Women were refused from receiving milk packets for their babies although the stock was more than enough. If you give (the village officer) a bottle of arrack you will get state relief.”(The Star, 2005) Many took individual roles to aid and alleviate the suffering while others decided to take advantage of the tsunami, for example, earning cash by demanding bribes from survivors for death certificates of their loved ones. (The Star, 2005) Mr. Thakshana is one of the Samaritans which has taken a role to help the unfortunate and states, “I have tried my best to put things right, it’s a thankless job.” This is an expected social behavior during a crisis but there is no doubt they have accepted a large burden. Being ranked a low status should not prevent anyone from receiving help but unfortunately, it continues to occur in Sri Lanka, India, Indonesia and Southwest Thailand.
Poverty is the last issue that must be discussed. Although poverty can be correlated with the media and corruption, we must analyze the shock all countries will suffer in the future. Many of these nations encompass limited technology, which has increased their vulnerability to attacks or natural disasters. Limited technology was an issue prior to the tsunami attack, but the result after the tsunami has left them at a stage in which the country will suffer for years to come. A perfect example is Thailand, most of this country’s income is accumulated through its tourist attractions located within the coastal vicinity but at the moment, all tourist resorts have been destroyed and the country remains to discover how they will produce an equivalent GNP without the sites.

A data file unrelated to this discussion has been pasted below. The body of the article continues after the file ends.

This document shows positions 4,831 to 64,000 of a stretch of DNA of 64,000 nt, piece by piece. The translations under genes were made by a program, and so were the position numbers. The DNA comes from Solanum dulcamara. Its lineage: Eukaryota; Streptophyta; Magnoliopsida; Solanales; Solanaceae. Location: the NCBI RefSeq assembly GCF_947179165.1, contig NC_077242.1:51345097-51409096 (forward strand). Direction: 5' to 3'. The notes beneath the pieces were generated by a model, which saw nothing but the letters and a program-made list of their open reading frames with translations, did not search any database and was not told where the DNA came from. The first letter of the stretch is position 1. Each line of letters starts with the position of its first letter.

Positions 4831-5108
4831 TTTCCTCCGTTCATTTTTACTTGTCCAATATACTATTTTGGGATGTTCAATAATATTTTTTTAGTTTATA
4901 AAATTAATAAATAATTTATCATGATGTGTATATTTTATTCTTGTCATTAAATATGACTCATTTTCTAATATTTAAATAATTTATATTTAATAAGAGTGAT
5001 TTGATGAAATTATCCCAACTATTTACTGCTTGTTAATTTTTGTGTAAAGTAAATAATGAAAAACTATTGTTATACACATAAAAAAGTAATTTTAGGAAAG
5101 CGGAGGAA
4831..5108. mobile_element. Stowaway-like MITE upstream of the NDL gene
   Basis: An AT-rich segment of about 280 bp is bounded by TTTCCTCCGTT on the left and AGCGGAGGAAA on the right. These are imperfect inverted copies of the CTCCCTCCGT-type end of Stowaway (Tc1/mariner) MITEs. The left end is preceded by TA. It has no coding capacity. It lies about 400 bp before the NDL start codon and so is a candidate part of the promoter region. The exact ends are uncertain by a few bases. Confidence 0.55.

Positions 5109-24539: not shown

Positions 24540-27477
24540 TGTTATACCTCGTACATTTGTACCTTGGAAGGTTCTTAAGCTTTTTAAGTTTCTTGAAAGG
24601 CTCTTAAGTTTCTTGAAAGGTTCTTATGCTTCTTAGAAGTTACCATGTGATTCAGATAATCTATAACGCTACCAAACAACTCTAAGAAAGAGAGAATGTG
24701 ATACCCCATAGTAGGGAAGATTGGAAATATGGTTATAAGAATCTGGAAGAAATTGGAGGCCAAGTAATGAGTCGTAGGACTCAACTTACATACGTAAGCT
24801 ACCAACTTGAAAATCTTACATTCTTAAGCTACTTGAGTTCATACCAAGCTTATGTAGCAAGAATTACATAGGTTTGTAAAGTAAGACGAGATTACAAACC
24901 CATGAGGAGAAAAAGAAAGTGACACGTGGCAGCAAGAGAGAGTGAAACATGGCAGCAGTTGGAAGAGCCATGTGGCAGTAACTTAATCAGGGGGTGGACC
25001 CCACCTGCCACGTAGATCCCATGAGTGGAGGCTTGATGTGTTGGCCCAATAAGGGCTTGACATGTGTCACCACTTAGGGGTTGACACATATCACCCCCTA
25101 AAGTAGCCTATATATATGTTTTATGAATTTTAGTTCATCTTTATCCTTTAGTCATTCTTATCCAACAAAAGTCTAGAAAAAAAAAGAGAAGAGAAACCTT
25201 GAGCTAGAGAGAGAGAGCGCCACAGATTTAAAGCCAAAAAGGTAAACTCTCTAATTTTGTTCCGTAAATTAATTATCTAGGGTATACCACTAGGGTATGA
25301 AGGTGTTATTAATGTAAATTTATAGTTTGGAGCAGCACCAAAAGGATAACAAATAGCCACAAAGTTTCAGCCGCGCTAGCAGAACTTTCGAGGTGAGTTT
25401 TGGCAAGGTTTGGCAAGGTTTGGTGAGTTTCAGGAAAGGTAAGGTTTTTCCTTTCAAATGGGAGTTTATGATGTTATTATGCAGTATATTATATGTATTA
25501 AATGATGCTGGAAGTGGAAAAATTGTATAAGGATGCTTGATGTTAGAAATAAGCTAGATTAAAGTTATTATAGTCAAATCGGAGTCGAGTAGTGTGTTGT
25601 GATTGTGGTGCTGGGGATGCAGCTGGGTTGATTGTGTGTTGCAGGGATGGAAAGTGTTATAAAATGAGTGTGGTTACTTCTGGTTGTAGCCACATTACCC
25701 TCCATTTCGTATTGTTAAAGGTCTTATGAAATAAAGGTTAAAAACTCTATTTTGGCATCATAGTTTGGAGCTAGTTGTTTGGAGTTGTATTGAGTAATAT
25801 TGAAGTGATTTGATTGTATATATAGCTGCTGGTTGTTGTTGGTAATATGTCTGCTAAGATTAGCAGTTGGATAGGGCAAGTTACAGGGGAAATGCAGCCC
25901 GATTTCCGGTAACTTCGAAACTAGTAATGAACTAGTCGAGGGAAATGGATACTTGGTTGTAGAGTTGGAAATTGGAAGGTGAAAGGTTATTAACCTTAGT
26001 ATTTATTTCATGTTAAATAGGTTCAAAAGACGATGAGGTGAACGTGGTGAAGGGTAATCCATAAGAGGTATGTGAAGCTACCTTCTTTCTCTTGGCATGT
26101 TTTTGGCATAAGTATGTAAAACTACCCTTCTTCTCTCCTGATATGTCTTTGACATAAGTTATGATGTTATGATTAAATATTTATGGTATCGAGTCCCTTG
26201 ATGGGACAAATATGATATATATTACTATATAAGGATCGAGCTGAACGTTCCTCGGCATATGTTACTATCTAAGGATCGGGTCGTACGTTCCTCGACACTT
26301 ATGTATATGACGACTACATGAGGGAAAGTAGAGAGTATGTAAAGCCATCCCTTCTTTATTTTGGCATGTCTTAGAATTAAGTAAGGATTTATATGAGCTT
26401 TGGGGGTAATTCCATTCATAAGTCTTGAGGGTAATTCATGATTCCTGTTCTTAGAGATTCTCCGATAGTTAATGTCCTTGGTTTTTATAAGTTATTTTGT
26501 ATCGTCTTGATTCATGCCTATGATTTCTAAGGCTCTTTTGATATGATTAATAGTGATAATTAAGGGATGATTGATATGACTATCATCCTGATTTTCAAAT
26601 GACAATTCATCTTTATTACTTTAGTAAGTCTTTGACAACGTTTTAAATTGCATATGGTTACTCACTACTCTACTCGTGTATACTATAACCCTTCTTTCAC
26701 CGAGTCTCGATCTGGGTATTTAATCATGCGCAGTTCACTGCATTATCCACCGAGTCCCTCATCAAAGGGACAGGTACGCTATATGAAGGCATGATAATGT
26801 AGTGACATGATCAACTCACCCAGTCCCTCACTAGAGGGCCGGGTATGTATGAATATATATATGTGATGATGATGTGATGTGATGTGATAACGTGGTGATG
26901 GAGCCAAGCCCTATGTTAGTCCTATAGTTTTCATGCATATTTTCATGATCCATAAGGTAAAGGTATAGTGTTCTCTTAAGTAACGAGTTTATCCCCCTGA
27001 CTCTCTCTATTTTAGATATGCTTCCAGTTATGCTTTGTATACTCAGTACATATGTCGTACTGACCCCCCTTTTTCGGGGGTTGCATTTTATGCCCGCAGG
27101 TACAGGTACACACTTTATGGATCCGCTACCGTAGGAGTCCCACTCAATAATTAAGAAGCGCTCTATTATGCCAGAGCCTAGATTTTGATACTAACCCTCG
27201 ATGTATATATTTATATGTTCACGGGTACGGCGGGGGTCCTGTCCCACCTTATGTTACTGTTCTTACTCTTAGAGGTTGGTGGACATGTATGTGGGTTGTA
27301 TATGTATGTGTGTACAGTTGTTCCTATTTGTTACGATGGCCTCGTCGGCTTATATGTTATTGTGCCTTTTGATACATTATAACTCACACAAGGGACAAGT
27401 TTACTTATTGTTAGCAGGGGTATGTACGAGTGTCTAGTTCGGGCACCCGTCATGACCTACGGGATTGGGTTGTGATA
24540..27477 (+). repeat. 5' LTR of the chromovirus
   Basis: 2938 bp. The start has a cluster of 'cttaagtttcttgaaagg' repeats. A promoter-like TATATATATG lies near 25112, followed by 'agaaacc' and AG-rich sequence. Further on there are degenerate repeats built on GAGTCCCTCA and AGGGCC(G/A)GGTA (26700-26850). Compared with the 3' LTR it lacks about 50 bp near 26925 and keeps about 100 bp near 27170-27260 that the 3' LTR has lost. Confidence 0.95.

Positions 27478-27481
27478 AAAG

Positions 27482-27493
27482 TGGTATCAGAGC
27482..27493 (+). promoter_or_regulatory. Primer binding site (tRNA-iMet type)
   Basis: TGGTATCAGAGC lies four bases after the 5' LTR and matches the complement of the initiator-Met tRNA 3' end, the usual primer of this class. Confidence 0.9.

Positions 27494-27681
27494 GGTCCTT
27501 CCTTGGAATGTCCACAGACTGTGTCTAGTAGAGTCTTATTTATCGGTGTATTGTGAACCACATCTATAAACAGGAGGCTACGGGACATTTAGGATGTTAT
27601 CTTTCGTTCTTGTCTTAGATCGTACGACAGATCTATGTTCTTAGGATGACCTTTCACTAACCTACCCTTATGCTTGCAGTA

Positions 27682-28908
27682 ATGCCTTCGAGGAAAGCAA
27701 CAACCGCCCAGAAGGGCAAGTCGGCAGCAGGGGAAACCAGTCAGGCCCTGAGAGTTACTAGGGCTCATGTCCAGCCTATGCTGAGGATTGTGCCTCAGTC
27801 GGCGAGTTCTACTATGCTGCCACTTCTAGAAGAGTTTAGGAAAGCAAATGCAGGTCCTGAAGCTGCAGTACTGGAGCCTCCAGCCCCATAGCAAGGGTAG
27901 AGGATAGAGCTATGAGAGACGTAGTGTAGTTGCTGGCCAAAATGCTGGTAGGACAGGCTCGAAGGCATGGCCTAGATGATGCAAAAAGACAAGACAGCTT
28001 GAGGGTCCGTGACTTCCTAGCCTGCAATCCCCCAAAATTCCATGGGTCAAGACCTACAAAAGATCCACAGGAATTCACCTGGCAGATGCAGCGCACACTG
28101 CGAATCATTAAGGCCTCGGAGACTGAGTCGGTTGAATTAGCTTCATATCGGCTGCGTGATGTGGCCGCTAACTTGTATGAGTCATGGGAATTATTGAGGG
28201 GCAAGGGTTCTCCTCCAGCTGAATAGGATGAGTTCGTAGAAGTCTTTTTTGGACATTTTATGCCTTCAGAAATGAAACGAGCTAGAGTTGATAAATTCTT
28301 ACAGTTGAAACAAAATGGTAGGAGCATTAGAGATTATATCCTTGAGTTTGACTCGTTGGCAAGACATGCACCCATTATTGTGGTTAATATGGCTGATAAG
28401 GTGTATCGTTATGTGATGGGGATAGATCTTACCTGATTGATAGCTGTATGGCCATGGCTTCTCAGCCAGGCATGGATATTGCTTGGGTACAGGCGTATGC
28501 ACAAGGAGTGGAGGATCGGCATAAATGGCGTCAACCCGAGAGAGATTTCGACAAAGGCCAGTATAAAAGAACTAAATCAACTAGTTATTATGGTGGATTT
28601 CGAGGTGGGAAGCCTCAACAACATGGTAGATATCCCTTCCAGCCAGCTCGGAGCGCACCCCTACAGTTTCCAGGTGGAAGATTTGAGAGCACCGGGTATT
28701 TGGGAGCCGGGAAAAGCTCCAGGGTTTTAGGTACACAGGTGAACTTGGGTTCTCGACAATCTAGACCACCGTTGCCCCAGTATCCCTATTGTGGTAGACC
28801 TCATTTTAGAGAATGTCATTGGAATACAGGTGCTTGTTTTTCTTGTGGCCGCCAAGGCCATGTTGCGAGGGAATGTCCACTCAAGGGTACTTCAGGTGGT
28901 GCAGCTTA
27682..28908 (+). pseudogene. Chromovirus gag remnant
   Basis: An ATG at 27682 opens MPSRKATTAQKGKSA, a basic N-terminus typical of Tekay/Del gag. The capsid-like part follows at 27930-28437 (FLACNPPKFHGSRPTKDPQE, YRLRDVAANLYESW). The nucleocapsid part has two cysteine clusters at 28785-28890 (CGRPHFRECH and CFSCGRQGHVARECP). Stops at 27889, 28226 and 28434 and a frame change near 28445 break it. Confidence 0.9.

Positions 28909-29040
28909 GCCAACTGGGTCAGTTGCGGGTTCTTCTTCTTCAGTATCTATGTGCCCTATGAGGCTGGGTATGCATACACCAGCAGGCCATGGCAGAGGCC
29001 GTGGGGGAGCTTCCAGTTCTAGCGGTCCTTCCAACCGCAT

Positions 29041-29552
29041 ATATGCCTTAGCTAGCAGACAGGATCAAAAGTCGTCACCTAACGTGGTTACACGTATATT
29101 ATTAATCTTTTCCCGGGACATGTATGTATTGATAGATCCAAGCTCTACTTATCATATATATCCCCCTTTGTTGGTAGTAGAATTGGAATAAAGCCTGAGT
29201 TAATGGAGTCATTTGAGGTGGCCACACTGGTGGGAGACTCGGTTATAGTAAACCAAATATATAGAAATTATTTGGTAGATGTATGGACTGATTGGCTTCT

Due to limited technology, norms and behavior are less institutionalized meaning these countries have lengthened the process of being recognized as developed countries. It is evident the tsunami has made matters worse for these countries but on the other hand, the world wide donations given to these countries might give them reason to work on quickening up the process to industrialize. It can go both ways and we can only hope for the positive side but we will have to wait and observe. As illustrated in Johnson’s article, “Poverty tends to co-vary with poor nutrition, poor health and a lack of leisure skills such as the ability to swim.” (Globe and Mail, Jan 3, 2005) This explains the high death tolls and after reading that statement, I would definitely iterate it is important to rid poverty for the betterment of human life.
Overall this essay shows the effects the tsunami caused through the Media, corruption and poverty. It is interesting to analyze the way the world adopts to situations like the tsunami and change. The media has played one of the most vital roles of providing information and motivating the world in a macro and micro level to donate goods and services. The globe has adapted to the tsunami through different methods and the most important success has been the satellite sent over the Indian ocean to indicate any future Tsunami danger.
Corruption has played a hurtful role in the re development of the shook eastern countries but at the moment, investigations have been authorized and under way. Poverty is another issue that has caused much pain and grief but the future of these countries can not be predicted. It can either be a fast re- growth or the country economically suffers for years to come. Hopefully with god’s grace, Sri Lanka, India, Indonesia, and southwest Thailand can move through this atrocity in a positive manner and the world population continues to support one another during times of threat.